2020 means new trends for small-parcel shippers — and new ways they should operate. Shipping pro Sarah Sears has been working with shippers in diverse logistics environments for more than 5 years, helping them solve complex issues and better communicate with their carriers. In this interview, she sheds some light on what to expect for the rest of 2020.
What might it mean for shippers who typically ship small parcels if FedEx and UPS are moving away from USPS last-mile delivery? How will it impact cost and time in transit?
Last-mile delivery services are cheaper than ground or express shipping. FedEx and UPS moving away from these services will mean faster deliveries, but probably higher costs to use the carriers’ services instead of USPS.
How will same-day delivery and on-demand package delivery services impact the market?
Same-day delivery means new costs for carriers, which usually trickle down to consumers, but I’m not sure how well these Uber-like, on-demand package delivery services will actually compete at a large scale.
Same-day delivery means infrastructure changes and service-type changes for the big players so that they can compete. This week alone I’ve talked to three clients using the FedEx SameDay City program. Shippers love choices and they’ll try out price points and delivery times to find a fit.
It will be interesting to see if new players can compete with the duopoly. Regional carriers have been around for a long time, but they haven’t been a big drain on UPS or FedEx revenue. On-demand delivery services may be a popular service today with small brick-and-mortar stores that are having to pivot with COVID-19, but I think of them as being similar to spot shipments in the LTL world. They don’t replace contracts with the main carriers. Big shippers like consistency and guarantees and familiarity. We will see.
What other options could come about for last-mile delivery?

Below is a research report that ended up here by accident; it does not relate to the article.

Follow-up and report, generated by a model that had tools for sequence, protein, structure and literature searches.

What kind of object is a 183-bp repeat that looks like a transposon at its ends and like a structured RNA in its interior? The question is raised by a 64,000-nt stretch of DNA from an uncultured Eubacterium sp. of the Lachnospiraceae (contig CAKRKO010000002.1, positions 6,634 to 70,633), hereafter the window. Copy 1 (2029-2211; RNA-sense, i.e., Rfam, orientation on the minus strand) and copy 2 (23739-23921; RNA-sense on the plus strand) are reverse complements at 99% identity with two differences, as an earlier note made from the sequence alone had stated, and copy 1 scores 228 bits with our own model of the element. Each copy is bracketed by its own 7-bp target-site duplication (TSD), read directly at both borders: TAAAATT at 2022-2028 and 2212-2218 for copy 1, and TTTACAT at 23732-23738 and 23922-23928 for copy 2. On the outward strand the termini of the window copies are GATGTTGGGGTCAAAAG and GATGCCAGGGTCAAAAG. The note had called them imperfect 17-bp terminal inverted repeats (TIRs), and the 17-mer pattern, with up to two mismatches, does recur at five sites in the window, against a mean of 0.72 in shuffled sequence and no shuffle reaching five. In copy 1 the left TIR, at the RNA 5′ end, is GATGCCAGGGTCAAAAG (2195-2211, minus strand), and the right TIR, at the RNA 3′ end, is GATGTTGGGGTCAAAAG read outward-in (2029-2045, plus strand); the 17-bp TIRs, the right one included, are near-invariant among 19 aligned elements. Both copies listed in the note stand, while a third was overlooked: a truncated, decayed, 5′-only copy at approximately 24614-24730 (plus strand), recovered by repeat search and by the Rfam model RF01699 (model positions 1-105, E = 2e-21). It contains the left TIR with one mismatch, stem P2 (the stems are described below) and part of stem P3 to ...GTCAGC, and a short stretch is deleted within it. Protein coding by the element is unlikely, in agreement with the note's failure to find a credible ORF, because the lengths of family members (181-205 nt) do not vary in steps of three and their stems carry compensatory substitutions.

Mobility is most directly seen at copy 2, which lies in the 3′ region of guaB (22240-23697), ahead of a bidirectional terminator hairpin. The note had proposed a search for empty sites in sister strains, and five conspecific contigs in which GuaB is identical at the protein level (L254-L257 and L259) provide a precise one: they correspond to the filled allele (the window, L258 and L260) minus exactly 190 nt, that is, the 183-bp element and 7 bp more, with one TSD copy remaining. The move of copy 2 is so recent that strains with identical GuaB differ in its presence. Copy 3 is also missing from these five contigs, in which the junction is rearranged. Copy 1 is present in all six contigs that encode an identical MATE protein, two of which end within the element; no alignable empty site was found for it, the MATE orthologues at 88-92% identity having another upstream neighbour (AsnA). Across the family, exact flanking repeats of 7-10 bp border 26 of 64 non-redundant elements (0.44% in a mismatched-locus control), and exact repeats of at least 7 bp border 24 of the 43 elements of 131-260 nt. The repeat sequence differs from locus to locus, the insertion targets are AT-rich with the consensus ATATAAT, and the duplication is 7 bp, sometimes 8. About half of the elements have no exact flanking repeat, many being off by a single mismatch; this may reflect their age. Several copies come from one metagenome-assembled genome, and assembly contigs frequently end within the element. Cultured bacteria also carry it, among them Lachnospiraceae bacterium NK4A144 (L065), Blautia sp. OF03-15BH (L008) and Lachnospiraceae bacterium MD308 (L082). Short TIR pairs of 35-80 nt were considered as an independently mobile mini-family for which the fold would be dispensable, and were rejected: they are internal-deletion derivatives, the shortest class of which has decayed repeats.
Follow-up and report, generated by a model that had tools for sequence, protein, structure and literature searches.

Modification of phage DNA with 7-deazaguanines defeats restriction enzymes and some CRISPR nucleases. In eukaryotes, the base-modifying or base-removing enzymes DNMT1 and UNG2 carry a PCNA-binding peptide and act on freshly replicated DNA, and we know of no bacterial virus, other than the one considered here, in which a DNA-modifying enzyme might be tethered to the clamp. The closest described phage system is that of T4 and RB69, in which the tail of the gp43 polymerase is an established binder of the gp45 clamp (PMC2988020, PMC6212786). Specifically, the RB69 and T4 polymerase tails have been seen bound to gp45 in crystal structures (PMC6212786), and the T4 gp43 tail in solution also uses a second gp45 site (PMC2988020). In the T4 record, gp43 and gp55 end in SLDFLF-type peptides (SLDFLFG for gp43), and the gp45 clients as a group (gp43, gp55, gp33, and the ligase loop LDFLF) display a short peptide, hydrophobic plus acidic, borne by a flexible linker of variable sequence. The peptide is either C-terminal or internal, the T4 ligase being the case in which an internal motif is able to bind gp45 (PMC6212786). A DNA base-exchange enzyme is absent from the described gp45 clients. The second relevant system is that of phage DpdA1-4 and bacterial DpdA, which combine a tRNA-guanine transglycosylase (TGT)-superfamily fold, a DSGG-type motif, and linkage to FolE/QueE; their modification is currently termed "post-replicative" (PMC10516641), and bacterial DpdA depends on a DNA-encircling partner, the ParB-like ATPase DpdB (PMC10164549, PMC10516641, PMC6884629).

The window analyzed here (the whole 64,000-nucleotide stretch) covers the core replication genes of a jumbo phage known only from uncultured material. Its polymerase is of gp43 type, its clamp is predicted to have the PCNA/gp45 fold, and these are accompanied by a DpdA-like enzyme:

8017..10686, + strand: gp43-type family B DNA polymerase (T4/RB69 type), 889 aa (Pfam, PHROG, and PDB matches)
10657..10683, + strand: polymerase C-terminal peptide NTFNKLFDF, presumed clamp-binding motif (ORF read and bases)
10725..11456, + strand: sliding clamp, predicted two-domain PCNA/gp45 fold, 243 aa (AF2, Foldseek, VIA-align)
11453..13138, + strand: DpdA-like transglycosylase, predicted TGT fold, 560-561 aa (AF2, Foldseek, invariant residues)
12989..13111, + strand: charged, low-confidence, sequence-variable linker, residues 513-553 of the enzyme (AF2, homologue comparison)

We’ve been speculating about how FedEx and UPS will deal with last-mile deliveries as they’re pushed into more residential shipping for years. We know they’re working on their networks and trying to innovate service offerings. We’ve all heard about some future where all of our packages are delivered by drones to our door. One option is pickups for rural deliveries at businesses or storage lockers. It will probably amount to a lot more choices for clients, and some of those choices will have a premium price tag.
What is the best way for shippers to deal with customers on shipping and how can you best communicate with them before, during and after purchase?
Best practices for shippers communicating with their clients is to be transparent with your policies. Whether you’re baking the cost of shipping into the price or adding it separately at checkout, once the package leaves your door, there is a lot that you can’t control: late deliveries, damage, etc. With COVID 19, no one can guarantee arrival dates or times. Communicate that.
Know what is happening in your market, especially with time in transit, to understand what you need to offer. Clients demanding fast and free shipping in some markets mean shippers have to figure out free shipping levels. Knowing your true Cost of Goods Sold will be vital to figuring out how low you can make the prices for your clients and whether you can process free returns.
Should shippers alter their shipping policies in light of carrier shifts in service?
Whether and when you should alter shipping service types or policies usually comes down to cost and customer demands.
Stay up to date with market trends. Continuously benchmark your rates and understand your current Cost of Goods Sold. That will tell you whether your contracts are still working for you the same way they were six months ago. If you can afford to offer better service, will it help you beat out competitors? That question can’t be answered until you understand whether you can afford to offer better service.
What’s your top recommendation for a small-parcel shipper?
Don’t be content negotiating a better contract this year than last year. If you’re comparing just against yourself, you could be moving the needle from a C- contract to a C+. It’s like comps in housing. You would never buy a house without knowing what the rest of the neighborhood paid. Find a way to benchmark your rates against similar shippers so you can make the right deal. It’s the only way to know if your negotiation deserves a pat on the back or if there’s room to move the needle.
Invoices looking higher these days? Surcharges add up fast, especially with all the recent changes in the industry. Our new eBook gives you a quick look at the top budget-busting surcharges and how to get them under control.